Social VR - the invisible superpower / by Kim Baumann Larsen


Social VR

the invisible superpower

This afternoon I spent an hour hanging out with legendary French electronic music pioner Jean-Michel Jarre, and together we watched an amazing never seen before and impossible to do in real life VJ set with other fan girls and boys. It was a social VR experience in TheWaveVR and the DJ and VJ was Sutu Eats Flies, famous in his own right for his gigs on this emerging social music VR platform. You would think there would have been hundreds, if not thosuands of fans of Jarre’s music attending such an event that enabled anyone to walk up to the legend, to become virtually friend with him and to casually converse, but the instance I was in contained merely a couple of dozen of people.

Just a few days earlier in Sansar, another social VR platform, I had woken up at 4 am to catch a virtual comedy show titled Comedy Gladiators, in which comedian and YouTube sensation Steve Hofstetter brought friends and fellow comedians Maz Jobrani, Ben Gleib, Alonzo Bodden, and Mary-Lynn Rajskub into VR. There were more people at the comedy show than at the concert but not by a long stretch. While I don’t know how many instances of either shows that were running in parallel, it is obvious that whatever people are using their VR headsets for these days it is mostly not involving social VR.


Not a full house

Sansar’s virtual comedy event was fun but a low key affair.

With both Sansar and VRchat recently available on Steam, the latter being the by far largest platform for social VR, figures are emerging that show just how few people are in a social VR at a given moment. While Steam is not the only distribution platform for VR, there is Oculus of course and several of the apps can be launched outside of Steam and Oculus, the numbers are quite telling. On Steam this past Sunday 9 people were seen in High Fidelity, 12 in Altspace VR, 62 in Sansar, 79 in Bigscreen (Beta), 340 in RecRoom, and 8098 in VRchat.

Research has shown that people being given superpowers in social VR, such as the power to fly and then are enticed to help other users by flying and rescuing them are coming out of the experience being more empathic and helpful in real reality. New startups like Norwegian Dimension 10 give people the superpower to cut through complex 3d models of offshore constructions and buildings alike and to virtually meet with other team members crossing physical distances in seconds to save companies lots of money and time. And social VR experiences like TheWaveVR and Sansar let you hang out and talk with superstars without the need to pay for stellar prized VIP passes or fly across oceans to concerts.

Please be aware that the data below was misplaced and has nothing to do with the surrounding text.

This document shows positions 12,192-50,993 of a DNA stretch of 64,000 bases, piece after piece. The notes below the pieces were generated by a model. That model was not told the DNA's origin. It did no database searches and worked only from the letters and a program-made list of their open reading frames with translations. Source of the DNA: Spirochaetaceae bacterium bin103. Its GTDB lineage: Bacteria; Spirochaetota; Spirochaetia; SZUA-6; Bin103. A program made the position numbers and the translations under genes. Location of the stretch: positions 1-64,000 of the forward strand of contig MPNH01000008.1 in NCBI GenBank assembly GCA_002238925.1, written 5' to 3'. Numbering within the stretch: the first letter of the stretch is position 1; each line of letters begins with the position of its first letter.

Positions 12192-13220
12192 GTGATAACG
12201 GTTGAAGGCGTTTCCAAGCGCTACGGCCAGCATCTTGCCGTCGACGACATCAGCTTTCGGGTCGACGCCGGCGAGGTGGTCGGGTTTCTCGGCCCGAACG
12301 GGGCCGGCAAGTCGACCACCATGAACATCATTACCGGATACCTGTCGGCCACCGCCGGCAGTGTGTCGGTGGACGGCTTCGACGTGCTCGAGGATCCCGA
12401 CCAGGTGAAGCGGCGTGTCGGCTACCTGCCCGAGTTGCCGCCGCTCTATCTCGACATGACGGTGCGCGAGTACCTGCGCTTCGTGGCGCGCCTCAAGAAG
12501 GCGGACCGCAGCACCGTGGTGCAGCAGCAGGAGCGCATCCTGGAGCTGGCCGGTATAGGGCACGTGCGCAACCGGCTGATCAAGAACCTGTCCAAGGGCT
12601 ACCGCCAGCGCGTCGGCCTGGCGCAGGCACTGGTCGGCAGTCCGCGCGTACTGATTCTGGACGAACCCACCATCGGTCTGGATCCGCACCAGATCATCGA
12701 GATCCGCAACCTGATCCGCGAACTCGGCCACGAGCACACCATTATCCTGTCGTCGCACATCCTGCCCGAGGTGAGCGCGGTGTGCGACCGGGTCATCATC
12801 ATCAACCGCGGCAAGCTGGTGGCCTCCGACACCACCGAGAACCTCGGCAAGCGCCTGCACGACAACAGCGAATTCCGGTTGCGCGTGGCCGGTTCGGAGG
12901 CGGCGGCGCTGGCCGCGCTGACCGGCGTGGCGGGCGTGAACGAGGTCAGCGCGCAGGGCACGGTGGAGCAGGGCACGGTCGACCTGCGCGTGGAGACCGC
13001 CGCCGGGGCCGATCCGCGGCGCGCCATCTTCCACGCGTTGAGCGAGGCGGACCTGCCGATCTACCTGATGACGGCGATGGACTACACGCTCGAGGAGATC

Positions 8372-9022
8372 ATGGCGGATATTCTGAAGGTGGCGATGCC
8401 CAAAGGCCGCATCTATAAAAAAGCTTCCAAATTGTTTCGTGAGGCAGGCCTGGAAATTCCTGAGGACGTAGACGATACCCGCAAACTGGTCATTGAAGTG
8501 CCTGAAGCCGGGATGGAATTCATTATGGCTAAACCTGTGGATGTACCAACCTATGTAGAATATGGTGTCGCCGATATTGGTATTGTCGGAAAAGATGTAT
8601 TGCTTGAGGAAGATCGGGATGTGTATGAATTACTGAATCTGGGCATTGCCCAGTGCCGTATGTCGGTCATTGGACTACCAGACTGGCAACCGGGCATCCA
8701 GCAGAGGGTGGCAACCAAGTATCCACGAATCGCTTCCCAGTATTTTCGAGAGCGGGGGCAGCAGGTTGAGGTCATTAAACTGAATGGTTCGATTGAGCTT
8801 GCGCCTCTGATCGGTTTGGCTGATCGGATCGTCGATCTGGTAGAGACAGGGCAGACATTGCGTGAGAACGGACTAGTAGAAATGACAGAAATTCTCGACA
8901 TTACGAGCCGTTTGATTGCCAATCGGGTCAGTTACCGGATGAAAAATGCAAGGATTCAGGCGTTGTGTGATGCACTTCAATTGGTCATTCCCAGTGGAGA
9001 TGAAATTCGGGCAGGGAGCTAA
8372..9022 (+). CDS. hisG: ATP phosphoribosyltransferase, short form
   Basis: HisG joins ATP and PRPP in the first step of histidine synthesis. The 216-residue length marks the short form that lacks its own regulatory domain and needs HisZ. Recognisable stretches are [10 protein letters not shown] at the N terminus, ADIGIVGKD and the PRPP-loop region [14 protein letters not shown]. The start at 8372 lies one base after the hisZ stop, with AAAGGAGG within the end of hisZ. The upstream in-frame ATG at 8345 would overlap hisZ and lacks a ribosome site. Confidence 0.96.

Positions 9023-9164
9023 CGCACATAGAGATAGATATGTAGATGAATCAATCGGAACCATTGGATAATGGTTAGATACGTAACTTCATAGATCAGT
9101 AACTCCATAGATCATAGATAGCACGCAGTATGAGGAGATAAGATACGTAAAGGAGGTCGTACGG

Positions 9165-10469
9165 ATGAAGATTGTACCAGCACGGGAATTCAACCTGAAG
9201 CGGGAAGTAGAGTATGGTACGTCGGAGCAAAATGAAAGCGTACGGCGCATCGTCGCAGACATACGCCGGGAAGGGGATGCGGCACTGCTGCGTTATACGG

Ask most any one who is working in virtual reality where the future is for VR and most will say that while it is hard to speculate and give a definitive answer it will most certainly involve some kind of social VR. So why aren’t people flocking to these experiences then? The first problem is that VR gear is still rather expensive and the power of VR and of social VR in particular can’t be understood unless it is experienced first hand. The problem with that is that there aren’t many places one can experience it in public and most people doesn’t happen to have a friend or colleague with VR gear nearby.

The second problem is that we have become accustomed to asynchronous communication via platforms like Facebook, Twitter and SMS being the de facto way of communicating long distance and media-on-demand is how most people fit entertainment into their increasingly busy life. Meeting up virtually at specific days and times it seems requires too much of an effort.

DJVJ Sutu Eats Flies and legendary electronic music pioneer Jean-Michel Jarre (JMJ) hang out with fans after the amazing set.

DJVJ Sutu Eats Flies and legendary electronic music pioneer Jean-Michel Jarre (JMJ) hang out with fans after the amazing set.

One of the strategies that several of the social VR experiences are using to attract more users is allowing traditional first-person navigation on a 2D computer screen where the only requirement is having a gaming PC. This enabled more than 20 000 concurrent users in VRchat at the height of the “Uganda Knuckles” memes craze brought to the public eye by YouTube streamers one year ago. Almost all of those users has left the platform by now and while many were envious of VR players that could move their bodies much more realistically they never experienced the true power of the platform - feeling like you truly was somewhere else together with other people, or telepresence which is really the unique selling point of VR.

While we are waiting for less expensive and more accessible VR gear to come to market such as perhaps Oculus Quest (spring 2019), we are also waiting for a “triggering experience” or application to be developed I think. Something akin to SMS, or desktop publishing, or more simple like Word or Excel that everyone would want to use.

In the mean time there are very exciting and some truly unique moments to be had in VR for those of us that are lucky enough to be working in and living in VR and for companies daring enough to seize the possibilities of virtual reality and give their customers and users superpowers.